As politicians, MPs, bankers and leaders of industry, not to mention newspaper editors, grapple this weekend to understand whether Cameron's decisions over a new European treaty set the UK up for success or financial failure, the real talking point hasn't been the behind-closed-scene deals, or the long-term ramifications, but whether Sarkozy snubbed Cameron's hand-shake or not.
As with so many things, it's the people and the relationships at the heart of the matter that pique our interest (and if you haven't analysed the footage of Sarkozy and Cameron in Brussels, either you're lying, or you've been far too busy enjoying your office Christmas parties and managed to miss every single news broadcast over the past 48 hours).
Watching the newspaper round-ups across the various TV news stations on Saturday morning, pundits and anchors certainly seemed far more concerned that Sarkozy, Merkel et al will do their very best to stick the proverbial knife into Cameron some time in the future as payback for his actions this week. Turns out no matter how high up the pecking order you climb, it's hard to find friends in all the right places.
If it's all about perceptions, then the annual dissection of the political leaders' Christmas cards shouldn't be missed. (Although for the record, Clegg's child's snowmen sketch Vs Cameron's Royal wedding day snap isn't a discussion I want to spend more than about, um, 8 seconds on.) One does wonder whether, in amongst everything else going on, why they couldn't just send someone in the office along to Paperchase or, for some real feel-good factor, Oxfam to pick up a bumper pack of cards.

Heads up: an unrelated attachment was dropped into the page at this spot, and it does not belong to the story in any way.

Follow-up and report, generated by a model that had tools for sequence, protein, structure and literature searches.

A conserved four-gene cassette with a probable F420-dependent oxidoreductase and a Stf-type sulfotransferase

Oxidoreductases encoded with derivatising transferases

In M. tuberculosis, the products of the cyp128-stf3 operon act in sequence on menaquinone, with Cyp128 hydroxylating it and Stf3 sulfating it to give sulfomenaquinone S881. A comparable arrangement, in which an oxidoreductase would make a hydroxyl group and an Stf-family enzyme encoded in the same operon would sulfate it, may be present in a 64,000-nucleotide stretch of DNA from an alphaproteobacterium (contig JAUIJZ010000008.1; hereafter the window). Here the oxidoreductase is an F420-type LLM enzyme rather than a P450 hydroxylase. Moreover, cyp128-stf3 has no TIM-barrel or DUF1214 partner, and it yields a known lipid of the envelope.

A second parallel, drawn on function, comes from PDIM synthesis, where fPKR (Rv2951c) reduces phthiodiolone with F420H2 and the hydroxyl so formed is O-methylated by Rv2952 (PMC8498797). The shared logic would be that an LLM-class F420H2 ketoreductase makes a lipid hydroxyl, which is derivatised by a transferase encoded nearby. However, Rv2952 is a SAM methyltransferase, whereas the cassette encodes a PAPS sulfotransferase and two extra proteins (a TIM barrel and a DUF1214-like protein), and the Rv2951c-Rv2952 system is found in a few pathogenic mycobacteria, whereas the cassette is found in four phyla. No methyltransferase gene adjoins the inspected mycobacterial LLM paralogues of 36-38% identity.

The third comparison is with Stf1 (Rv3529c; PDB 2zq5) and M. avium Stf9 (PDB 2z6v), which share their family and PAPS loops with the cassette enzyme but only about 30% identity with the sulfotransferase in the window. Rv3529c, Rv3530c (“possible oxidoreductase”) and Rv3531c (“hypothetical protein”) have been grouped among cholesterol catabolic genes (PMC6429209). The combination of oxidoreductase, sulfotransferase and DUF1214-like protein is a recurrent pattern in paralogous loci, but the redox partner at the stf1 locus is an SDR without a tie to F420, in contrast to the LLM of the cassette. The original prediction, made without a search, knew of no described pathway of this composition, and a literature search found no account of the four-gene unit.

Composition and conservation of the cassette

From Christmas cards to Christmas parties, and the news that a quarter of Brits will end up snogging a colleague at the work Xmas bash (surely the word 'snogging' could only be used in a sentence that also contains the word Brits). Bizarrely those in HR are the most likely to get frisky under the mistletoe - or maybe they're just more honest when quizzed about it for it-must-be-that-time-of-year surveys.
While on the subject of office gossip, women across the UK are being offered free morning-after pills this December in an effort to curb the number of unwanted pregnancies, while an entrepreneurial banker has hit upon a novel way of turning baby prevention into big business.
Former Goldman Sachs employee Joe Nelson has just ended a nine-year stint with the bank to launch the world's first custom-fit condoms called, appropriately, TheyFit. On sale for the first time this week, the condoms come in 95 different sizes, all with a different random code (so as not to offend any sensitive souls purchasing the smaller versions) and a 'FitKit' to help men decipher which code they need. Reportedly Nelson's online store is already doing brisk business amongst men, and their girlfriends and wives.
And if you wonder how on earth I've managed to go from a blog that started about Europe to condoms in less than 500 words, consider Joe's explanation for swapping The City for prophylactics: "I looked at the banking climate - the euro is probably going to collapse," he told the Evening Standard. "If you are going to take a punt, now seemed a good time."
I wonder if Cameron was thinking the same thing.
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